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The real winner of ‘Barbenheimer’: movies and those who love them

Members of The Miami Student came together to experience the cultural phenomenon of "Barbenheimer" together - the way it was meant to be seen.
Members of The Miami Student came together to experience the cultural phenomenon of "Barbenheimer" together - the way it was meant to be seen.

As a fan of cinema, it’s very easy to get disillusioned with the current state of the industry.

Between — well, take your pick of threats to film as we know it — it’s been an exhausting past several years. Fantastic films are still regularly being made, but the idea of the classic trip to the movies feels like it’s being erased in real-time.

There have, of course, been exceptions. “Spider-Man: No Way Home” became the first film post-pandemic to cross the $1 billion mark toward the end of 2021, and last year had the double-whammy of “Top Gun: Maverick” in the summer and “Avatar: The Way of Water” in the winter, glimmers of brightness in an otherwise bleak series of box office returns.

Then, this year, came “Barbenheimer.”

The timeline is hard to pin down, but at some point audiences collectively realized that Greta Gerwig’s “Barbie” and Christopher Nolan’s “Oppenheimer” would release together on July 21. What followed was what can only be described as a phenomenon.

Custom posters and t-shirts, plenty of memes and a good heaping of irony built up this date as a true event. And the best part was that it felt entirely organic; neither Warner Bros. (distributing “Barbie") or Universal (distributing “Oppenheimer”) really acknowledged it, leading to a campaign that was driven by word-of-mouth through social media. The fever of anticipation confounded even box office predictions, which only climbed higher and higher for both films as the crowds gathered that July weekend.

Crowds that included me and my friends.

On Saturday, July 22, we arrived bright and early at 10 a.m. to the AMC West Chester 18 for our 10:30 a.m. showing of “Oppenheimer” in IMAX, a showing that was almost entirely sold out. Sporting our brand new “I am become Ken, destroyer of worlds” shirts (courtesy of our Managing Editor Luke Macy), we settled into the three-hour drama with an excitement shared by the entire theater around us.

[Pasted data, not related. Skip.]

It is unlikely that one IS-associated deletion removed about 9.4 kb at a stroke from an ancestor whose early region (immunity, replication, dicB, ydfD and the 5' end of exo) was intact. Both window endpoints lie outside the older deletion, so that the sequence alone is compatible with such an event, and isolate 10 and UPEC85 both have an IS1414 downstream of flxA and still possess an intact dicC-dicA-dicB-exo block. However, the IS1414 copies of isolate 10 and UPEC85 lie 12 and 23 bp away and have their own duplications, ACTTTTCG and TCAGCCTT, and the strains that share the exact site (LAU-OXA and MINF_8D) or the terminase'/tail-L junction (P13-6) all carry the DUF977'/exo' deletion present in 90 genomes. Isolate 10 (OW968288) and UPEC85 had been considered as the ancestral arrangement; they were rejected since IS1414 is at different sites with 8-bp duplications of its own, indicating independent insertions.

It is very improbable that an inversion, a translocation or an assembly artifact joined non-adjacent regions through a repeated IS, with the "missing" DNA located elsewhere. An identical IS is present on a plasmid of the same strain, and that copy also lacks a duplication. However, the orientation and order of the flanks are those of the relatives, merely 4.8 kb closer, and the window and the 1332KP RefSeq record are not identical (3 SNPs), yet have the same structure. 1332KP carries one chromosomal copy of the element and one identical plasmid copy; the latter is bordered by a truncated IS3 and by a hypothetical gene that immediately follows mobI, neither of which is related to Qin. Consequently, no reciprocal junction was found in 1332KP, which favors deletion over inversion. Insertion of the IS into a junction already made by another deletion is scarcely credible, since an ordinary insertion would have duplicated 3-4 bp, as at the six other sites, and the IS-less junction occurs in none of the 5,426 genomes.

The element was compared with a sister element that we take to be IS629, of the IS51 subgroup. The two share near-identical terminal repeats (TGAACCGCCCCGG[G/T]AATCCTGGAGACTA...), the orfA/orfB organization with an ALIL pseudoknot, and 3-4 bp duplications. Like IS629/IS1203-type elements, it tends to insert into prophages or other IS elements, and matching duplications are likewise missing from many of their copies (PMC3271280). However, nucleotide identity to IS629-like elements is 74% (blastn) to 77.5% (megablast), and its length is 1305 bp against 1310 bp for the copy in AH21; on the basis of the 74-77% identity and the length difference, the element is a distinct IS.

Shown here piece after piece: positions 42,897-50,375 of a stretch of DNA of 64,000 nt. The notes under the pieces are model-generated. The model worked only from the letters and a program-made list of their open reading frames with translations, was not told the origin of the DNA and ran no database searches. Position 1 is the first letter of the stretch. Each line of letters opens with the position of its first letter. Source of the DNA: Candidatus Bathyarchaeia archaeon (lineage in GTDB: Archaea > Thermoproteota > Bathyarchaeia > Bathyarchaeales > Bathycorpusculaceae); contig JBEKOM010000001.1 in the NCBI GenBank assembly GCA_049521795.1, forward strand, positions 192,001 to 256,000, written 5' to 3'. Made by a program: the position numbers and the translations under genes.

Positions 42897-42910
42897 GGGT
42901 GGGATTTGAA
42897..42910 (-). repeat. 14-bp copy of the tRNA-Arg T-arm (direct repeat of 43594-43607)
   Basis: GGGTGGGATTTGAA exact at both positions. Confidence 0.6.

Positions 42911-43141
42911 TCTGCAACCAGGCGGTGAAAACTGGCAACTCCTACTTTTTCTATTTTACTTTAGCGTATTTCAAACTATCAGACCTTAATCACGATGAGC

I was worried going in that the crowd would be too rowdy, taking away from the serious nature of “Oppenheimer’s” tone and subject, but they were largely respectful the whole time. Some periodic chuckles at the film’s few comedic moments (and every time Einstein showed up) and some gasps of awe during the Trinity test only occasionally permeated, leaving us to sink into the film’s excellence.

That said, due to both how early we saw it and the film’s somewhat depressing ending, we left the theater already pretty drained. We trudged over to the nearby Barnes & Noble to kill some time before our 6:00 p.m. showing of “Barbie,” which is where it really sunk in how big “Barbenheimer” was.

On the walk over we passed several other groups with their own unique shirts and outfits. The parking lot was close to capacity with people coming and going. Even Barnes & Noble got in on the action, with custom displays for historical novels about the atom bomb and various pieces of Barbie media as well as an impromptu sale at the store’s Starbucks for people wearing Barbenheimer clothing.

Even if you weren’t participating, you couldn’t escape it.

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By the time we regrouped at the AMC Classic Hamilton 8 for “Barbie,” our spirits had mostly lifted and we were ready for the bright and campy fun of Gerwig’s interpretation on the colossal brand.

This time the crowd was much more vocal throughout the film, but due to its nature as a comedy that didn’t bother me as much, and in fact added to some parts thanks to a couple of on-point reactions. We all came out grinning and abuzz about our favorite moments, calling each other Barbie and referring to each other’s Kenergy.

And even at 8:30 p.m. as we were leaving, there was still an overabundance of traffic to catch the theater’s latest showings.

Thinking about that day in retrospect, there are two major takeaways I have. The first is practical: “Barbenheimer” proves that people haven’t completely abandoned theaters.

The box office returns of both films show this abundantly, but more impressive to me are the clear cultural imprints. Discussions surrounding the films didn’t vanish after they came out, continuing even past their second weekend in theaters which normally would have other new releases swoop in and steal that thunder (as happened to “Mission: Impossible - Dead Reckoning Part 1,” which came out just a week before “Barbenheimer”).

My second takeaway is more personal: “Barbenheimer” is a reminder of how powerful film can be as a communal experience.

I’m not one to shy away from going to see movies by myself, but one of the best things about art is being able to share your experience with it; to come out of a movie and endlessly ramble on about it with someone else, to dissect and analyze the themes, to joke about your favorite moments. There’s just something about having people next to you while watching something that elevates it beyond just entertainment.

For one weekend — and if the box office holds, multiple weekends after — millions of people rediscovered the joy of the movie theater together.

This holds true for my own group. By the time I headed home after spending the entire day with my friends, I felt closer to them than ever. Sure, general togetherness helps, but I like to think the movies helped by giving us a platform to spend that time and share in each other’s excitement.

It turns out that we needed “Barbenheimer” just as much as “Barbenheimer” needed us.